My top bottles from 2021
I taste an awful lot of wine during the course of a year, so trying to reduce this list to 5 or so is a lofty task! It would have been easy to showcase and write tasting notes for some stellar bottles from iconic producers in great vintages, but there’s little point in doing that because often these bottles aren’t readily available, let alone affordable. Instead, I want to talk about the bottles which have been an unexpected delight, stopping me in my tracks, as well as wines I now consider to be new benchmarks for quality and progression.
1 Busi Jacobsohn Vintage Brut 2019 | Sussex, England
I very much appreciate the verve and captivating design by the Swedish couple behind Busi Jacobsohn, but nothing prepared me for just how spectacular this bottle was going to be. The ageing potential for their wines is unrivalled in the UK. Currently they are only making vintage wines, whilst building up base wines to create non-vintage wines of incredible depth and richness.
The commitment to preserving the natural ecosystem around the vineyard area pays dividends in the quality of the grapes grown, entirely hand harvested and handled with care throughout the entire making process. I’m extremely excited to taste their Blanc de Blancs, announced but not yet released!
2 Stolpman Trousseau Pet-Nat 2016 | Santa Ynez Valley, California, USA
Truth be told, I have a love hate relationship with Pet-Nats, they always seem to be mood and situation dependent. Wines made using the Pétillant Naturel are bottled before the first fermentation has finished. Importantly, they don’t contain the secondary yeasts or sugars to start the secondary fermentation, like you would expect in Champagne, or other ‘traditional method’ sparkling wines. I nervously brought this bottle to a gathering of English winemakers, sommeliers and authors, and it went down an absolute treat.
I love the Santa Ynez microclimate, similar to the Loire valley in topography and climate. It boasts incredible quality Chenin Blanc, Sauvignon Blanc, Gamay and Trousseau across the board. This Pet-Nat is incredibly clean and rich, without being overtly ‘natural’. An incredible gateway wine similar to a blanc de noirs English sparkling rather than a full on, natty Pet-Nat!
3 Oriol Perez de Tudela El Padrós 2019 | Tarragona, Spain
My preference for white wines, personally that is, revolves around subtle complexity. Overt flavours and imprinting winemaking techniques into the glass is a relatively simple task. Expressing typecite, showcasing how wines in a specific region ought to taste, tapping into a region’s traditional history can be quite a task.
I was sent this bottle and had it on Cépage less than a week later. It’s salty, saline with an incredibly mineral ‘weight’ to it. A firm acidity ensures a bright and lively palate, balanced with the weighty texture; a real taste of the sea.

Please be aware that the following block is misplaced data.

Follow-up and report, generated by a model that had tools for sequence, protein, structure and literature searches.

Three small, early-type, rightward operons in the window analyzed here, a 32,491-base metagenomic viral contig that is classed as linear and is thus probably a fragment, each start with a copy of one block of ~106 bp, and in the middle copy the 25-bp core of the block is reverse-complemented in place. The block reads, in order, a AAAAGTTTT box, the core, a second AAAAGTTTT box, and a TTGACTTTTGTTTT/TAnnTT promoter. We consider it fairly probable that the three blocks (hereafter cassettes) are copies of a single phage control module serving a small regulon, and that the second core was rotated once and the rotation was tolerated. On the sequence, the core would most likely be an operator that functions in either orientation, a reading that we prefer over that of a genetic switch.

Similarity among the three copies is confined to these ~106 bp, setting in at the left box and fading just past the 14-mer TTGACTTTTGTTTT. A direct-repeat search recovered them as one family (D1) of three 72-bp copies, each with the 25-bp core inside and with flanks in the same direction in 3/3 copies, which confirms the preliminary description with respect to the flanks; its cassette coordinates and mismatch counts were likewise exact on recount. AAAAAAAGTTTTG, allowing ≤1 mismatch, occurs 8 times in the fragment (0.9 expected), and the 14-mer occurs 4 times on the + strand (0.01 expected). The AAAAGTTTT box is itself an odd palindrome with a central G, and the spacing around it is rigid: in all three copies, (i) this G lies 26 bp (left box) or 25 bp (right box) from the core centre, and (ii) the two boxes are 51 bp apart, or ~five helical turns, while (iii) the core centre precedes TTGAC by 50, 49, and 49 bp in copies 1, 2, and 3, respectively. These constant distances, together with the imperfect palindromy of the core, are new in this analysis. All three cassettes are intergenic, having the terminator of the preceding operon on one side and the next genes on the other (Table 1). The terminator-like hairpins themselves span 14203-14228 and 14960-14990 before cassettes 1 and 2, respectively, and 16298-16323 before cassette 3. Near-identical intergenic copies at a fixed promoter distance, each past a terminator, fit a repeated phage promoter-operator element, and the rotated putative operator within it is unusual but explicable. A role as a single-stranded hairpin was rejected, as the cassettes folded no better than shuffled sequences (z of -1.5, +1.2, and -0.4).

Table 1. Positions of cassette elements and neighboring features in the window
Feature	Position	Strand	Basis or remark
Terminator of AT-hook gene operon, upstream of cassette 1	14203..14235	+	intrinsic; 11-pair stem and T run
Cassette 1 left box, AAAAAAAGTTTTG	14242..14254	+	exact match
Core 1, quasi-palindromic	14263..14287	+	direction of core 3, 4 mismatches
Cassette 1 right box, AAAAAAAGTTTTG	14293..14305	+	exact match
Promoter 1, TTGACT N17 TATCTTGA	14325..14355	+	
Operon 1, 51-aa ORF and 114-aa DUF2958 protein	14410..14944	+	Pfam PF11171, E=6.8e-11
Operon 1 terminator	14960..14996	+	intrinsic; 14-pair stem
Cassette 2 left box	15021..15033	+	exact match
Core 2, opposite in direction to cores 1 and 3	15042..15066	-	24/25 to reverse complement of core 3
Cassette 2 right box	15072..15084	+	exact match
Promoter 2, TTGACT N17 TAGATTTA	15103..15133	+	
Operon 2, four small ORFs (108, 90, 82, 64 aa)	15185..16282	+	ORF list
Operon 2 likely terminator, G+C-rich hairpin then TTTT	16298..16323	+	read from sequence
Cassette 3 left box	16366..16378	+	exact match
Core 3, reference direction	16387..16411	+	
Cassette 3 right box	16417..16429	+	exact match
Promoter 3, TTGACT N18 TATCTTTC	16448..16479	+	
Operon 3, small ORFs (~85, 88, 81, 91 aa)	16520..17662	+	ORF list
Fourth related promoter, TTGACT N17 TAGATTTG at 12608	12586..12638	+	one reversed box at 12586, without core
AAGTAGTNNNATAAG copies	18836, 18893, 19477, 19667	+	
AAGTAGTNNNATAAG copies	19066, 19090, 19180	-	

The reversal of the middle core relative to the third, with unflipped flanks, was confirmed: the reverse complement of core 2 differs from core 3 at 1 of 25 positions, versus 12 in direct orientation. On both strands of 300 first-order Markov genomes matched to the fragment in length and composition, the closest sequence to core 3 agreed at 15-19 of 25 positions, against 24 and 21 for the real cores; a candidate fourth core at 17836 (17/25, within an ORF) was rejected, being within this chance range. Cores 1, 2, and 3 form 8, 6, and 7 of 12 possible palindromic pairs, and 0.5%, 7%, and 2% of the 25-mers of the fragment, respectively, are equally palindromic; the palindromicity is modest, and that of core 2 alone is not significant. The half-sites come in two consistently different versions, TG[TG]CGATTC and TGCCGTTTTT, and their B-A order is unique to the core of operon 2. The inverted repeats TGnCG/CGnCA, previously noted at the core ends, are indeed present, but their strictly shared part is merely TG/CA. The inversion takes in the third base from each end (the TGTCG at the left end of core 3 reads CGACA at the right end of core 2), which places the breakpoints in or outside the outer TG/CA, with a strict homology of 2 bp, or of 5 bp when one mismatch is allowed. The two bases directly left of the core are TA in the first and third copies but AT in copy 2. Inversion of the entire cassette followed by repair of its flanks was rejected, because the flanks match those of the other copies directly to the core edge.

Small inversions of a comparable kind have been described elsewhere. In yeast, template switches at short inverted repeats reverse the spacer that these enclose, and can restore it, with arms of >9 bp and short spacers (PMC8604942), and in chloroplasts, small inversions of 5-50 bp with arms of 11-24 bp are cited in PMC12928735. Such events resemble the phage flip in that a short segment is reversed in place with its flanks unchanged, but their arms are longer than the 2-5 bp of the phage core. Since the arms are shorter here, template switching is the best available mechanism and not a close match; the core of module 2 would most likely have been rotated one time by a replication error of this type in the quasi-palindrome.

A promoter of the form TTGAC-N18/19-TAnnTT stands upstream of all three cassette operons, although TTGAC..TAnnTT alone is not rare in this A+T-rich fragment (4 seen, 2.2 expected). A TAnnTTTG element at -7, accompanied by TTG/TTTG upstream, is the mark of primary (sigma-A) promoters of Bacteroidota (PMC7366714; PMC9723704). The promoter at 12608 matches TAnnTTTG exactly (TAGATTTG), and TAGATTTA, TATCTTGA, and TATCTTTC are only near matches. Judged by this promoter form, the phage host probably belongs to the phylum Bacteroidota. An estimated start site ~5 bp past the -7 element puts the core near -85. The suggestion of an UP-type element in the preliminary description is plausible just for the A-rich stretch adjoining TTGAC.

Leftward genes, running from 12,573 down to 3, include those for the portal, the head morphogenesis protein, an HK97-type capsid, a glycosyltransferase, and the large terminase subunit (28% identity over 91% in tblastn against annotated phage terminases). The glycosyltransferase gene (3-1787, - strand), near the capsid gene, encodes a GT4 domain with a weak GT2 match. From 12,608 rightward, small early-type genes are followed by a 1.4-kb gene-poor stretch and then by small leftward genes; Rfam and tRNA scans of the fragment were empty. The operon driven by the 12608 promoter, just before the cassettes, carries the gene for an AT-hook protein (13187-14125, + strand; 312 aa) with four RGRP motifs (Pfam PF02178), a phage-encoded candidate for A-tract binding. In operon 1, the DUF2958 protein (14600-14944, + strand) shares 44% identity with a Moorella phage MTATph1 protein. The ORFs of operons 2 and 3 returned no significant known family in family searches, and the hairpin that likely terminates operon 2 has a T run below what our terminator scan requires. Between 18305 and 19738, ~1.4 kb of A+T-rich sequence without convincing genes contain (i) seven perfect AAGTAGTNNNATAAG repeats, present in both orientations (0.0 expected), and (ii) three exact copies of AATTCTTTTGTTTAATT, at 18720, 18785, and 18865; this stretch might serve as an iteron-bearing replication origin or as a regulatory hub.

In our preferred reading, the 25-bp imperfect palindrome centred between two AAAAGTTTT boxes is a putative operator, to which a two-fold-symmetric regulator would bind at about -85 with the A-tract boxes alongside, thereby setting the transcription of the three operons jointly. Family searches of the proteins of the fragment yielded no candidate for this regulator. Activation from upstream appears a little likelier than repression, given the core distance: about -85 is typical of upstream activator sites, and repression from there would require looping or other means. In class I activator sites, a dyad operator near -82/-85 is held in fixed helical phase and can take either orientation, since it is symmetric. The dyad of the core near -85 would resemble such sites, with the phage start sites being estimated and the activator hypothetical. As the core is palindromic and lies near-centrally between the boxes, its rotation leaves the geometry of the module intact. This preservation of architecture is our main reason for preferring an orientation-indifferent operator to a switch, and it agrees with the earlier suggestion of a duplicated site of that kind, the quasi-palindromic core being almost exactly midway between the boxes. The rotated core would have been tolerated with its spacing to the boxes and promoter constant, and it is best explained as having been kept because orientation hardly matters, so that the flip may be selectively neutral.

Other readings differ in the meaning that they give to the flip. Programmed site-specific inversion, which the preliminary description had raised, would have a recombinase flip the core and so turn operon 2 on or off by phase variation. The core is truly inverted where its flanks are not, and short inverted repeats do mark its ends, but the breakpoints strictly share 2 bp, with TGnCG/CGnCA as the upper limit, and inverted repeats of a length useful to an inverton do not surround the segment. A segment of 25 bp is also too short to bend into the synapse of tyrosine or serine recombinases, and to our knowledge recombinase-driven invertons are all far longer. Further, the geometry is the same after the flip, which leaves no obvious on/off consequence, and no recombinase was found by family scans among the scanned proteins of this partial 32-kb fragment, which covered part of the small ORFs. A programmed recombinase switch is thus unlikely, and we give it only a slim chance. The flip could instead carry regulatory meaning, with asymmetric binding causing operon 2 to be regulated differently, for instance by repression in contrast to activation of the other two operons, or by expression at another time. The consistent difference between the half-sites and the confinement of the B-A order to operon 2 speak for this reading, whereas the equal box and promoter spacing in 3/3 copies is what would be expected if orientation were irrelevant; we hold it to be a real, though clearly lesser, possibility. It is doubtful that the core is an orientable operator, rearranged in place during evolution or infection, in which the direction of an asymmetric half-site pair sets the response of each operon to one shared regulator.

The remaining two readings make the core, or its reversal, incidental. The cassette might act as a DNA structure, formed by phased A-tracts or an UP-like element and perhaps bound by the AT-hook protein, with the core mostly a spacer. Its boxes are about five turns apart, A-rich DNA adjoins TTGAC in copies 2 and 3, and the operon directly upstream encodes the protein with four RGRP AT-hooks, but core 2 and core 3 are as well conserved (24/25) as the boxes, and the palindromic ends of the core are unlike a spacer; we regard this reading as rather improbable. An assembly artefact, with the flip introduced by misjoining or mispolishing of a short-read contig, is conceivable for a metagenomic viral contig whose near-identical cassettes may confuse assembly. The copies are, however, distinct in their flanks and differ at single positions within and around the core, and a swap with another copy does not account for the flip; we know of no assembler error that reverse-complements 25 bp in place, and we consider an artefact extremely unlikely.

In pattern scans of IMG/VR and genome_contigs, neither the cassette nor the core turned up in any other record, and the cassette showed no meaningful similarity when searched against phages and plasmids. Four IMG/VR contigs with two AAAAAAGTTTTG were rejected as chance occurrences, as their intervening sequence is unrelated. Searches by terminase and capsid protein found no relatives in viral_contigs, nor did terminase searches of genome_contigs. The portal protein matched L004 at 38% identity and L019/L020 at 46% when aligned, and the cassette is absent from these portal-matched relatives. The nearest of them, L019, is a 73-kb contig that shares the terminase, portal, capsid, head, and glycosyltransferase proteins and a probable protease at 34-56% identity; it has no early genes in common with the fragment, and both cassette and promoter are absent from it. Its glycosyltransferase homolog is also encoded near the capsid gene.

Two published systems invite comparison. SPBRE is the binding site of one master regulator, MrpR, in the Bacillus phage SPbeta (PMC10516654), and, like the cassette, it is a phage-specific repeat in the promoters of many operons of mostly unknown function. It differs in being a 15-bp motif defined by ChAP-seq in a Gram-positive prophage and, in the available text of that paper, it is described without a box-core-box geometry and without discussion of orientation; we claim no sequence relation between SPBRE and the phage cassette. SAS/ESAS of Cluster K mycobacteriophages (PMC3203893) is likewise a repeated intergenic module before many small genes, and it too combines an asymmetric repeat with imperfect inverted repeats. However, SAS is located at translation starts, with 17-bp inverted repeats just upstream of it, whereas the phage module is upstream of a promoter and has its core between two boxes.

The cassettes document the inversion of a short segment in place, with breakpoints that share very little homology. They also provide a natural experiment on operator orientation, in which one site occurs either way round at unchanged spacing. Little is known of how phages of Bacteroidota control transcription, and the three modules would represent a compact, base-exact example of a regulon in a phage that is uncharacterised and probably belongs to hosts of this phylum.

4 Henri Magnien Gevrey-Chambertin Vieilles Vignes 2016 | Burgundy, France
Rarely do I gravitate towards Burgundy red wines, generally because of their somewhat excessive price that isn’t reflective of the quality, more the economic principle of miniscule supply. However, I definitely make exceptions! I tip Henri Magnien to be a new benchmark producer in the coming years, given his small holdings in and only in Gevrey-Chambertin.
This lieu-dit is somewhat confused by consumers, mistaken for powerful and full bodied Pinot Noir. It’s actually the largest area under vine in the whole of Burgundy, making the quality, well, inconsistent. Generally, they do have a higher level of intensity, coupled with incredible fragrance and structure, but they are by no means ‘full bodied’. Henri Magnien’s wines characterise what is adored by many about this legendary village. Intensity from vines that average 50 years old are endearing, seductive, well balanced and supremely elegant. A half hours decant on this helps it come alive.
5 Trevibban Mill Black Ram Red 2018 | Cornwall, England
I am fully aware that all wine tastes much better when sat in the holiday sun, on a gorgeous, modern terrace with a cooling sea breeze. This was the position I found myself in when my mind was opened to superbly well crafted English red. No hints of reduction and a modest extraction, sufficient depth of flavour and a touch of oak to provide another layer of complexity.
Trevibban Mill is a winery proudly sustainable and minimal intervention, ensuring nothing untoward is added throughout the vinification and grape growing process. Dornfelder and Rondo balance well together in a relatively cool microclimate, but power and brooding fruit flavours still manage to dominate.